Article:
Evan’s parents wanted a wide door of opportunity to open for their son and so we developed a learning plan and set to work on these goals.
Why Evan Chose You
Evan chose me because I prioritized a connection with him. It was tough to strike a balance between allowing him to be himself, be tired or moody or excited on any given day, and bring in serious work for improvement.
Evan’s parents chose me because they knew that during the lesson, I was 100% ready to move Evan forward and all of my attention was on him.
They liked me because of the careful balance between fun and rigor– and actual enjoyment of the class despite the intensity thereof.
I also took a lot of personal time in the beginning of our relationship to email mom and dad my thoughts and concerns, as well as our successes.
How You Responded
In response, we got straight to work on his learning plan. During the first three months, he started to be able to identify errors in tenses for simple sentences.
In addition to this, we worked on other grammar rules: subject pronouns, subject verb agreement, conjunctions.
He achieved mastery in these areas and applied them to his speaking.
Expressive speech was our long term project. Since he was comfortable with me, we started to do speaking prompts, where we were given a scenario for conversation. I typed the scene as we spoke and when we were complete, we reviewed and tried to think of better words like more specific adjectives or more targeted verbs.
Then, I had him read out the revised version and encouraged him for his hard work.
This was very effective for him. As we developed this approach, it changed the way he thought about communicating, so not only was progress reflected in his speaking but it also expressed itself in his writing.
Now his speaking is strong and his reading skills are where his parents wanted them to be. We recently pivoted to focusing on and developing his talent in the written word.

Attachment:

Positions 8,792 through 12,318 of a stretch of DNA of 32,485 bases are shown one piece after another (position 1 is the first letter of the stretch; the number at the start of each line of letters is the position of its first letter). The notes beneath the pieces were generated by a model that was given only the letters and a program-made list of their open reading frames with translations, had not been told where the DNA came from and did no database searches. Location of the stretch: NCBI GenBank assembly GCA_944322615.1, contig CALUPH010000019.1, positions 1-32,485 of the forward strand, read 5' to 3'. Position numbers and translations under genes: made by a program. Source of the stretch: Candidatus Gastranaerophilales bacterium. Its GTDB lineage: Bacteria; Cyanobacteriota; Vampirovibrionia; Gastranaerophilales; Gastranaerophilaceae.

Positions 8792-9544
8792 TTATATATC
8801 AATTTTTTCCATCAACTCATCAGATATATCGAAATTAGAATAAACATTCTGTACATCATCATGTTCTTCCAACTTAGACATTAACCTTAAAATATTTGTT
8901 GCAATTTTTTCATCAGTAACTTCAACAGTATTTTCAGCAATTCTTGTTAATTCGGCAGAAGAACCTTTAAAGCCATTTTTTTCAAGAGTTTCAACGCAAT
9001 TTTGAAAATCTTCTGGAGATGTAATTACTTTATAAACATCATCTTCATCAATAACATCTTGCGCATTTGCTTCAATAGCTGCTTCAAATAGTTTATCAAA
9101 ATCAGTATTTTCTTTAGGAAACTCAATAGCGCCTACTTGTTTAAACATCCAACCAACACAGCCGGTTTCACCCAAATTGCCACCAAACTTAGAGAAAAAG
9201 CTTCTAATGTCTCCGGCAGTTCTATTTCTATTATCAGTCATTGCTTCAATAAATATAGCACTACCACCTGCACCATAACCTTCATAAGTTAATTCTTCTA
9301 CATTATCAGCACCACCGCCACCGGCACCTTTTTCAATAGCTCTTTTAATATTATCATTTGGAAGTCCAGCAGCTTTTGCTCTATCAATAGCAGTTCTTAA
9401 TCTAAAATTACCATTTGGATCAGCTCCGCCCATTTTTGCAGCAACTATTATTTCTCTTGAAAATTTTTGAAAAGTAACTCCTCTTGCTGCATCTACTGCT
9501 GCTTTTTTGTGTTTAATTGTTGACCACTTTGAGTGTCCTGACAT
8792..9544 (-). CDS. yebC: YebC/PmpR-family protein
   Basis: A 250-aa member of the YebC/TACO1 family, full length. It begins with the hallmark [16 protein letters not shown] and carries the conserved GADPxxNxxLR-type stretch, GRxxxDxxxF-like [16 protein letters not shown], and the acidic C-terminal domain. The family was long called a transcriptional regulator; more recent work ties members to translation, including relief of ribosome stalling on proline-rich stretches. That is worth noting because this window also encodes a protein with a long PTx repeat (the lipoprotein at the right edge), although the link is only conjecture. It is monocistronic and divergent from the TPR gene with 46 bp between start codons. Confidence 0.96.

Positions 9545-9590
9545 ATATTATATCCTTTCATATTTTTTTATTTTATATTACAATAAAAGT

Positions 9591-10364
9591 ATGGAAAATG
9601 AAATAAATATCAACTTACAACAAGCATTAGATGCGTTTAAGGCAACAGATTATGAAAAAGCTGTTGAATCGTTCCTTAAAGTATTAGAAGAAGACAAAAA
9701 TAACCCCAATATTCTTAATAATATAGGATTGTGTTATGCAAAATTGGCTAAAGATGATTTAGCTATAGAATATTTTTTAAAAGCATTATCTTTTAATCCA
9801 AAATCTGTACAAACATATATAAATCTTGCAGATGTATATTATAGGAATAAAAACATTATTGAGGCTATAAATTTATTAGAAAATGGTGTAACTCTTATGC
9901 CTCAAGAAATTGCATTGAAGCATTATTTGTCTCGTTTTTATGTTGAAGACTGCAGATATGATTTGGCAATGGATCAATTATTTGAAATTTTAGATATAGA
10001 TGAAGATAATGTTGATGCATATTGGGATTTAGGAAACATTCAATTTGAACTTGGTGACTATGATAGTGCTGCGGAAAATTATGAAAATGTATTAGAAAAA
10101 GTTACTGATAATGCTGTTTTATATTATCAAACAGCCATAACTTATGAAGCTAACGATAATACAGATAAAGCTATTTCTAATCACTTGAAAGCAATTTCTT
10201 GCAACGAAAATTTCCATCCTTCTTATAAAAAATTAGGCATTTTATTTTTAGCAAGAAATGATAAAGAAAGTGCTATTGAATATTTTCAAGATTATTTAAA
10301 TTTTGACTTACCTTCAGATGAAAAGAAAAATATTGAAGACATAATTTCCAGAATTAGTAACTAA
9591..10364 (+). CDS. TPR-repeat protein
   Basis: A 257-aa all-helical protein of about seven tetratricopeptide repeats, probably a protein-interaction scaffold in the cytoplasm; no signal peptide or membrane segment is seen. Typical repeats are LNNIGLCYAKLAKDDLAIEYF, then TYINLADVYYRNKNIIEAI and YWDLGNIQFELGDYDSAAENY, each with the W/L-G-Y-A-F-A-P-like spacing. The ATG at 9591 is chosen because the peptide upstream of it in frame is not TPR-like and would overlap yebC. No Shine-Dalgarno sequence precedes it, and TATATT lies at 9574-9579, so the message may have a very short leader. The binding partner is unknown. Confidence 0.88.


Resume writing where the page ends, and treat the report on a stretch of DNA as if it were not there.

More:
Our goal is to develop his writing skills so that all four areas: listening, speaking, reading and writing– will be strongly developed and propel him towards his goal of attending Harvard freshman class of 2029.
One teacher and I continue to work with Evan.
Overall, he has matured into a strong speaker with creative and silly tendencies. Where we started was one word answers, speaking hesitancy and frequent misunderstandings on figurative language. Now Evan tells his own jokes and can keep up with anything I say.
I never need to slow down my speech and he never has trouble.
He has begun to attend English Hagwan to be able to learn test taking strategies but continues our lessons because, as his parents say, “We focus on what is important for the future and how he will integrate with American culture later on in college.”
My hope is that Evan will attend an IVY league school where he will thrive in a group of multicultural friends. I know that this little man is going place and I’m excited to see the path unfold.
When students receive individualized attention, they are more likely to engage with the material, ask questions, and receive feedback. They can also move at their own pace, which can be especially beneficial for students who are struggling or who have unique learning needs.
One-on-one tutoring can provide students with the support and guidance they need to reach their full potential.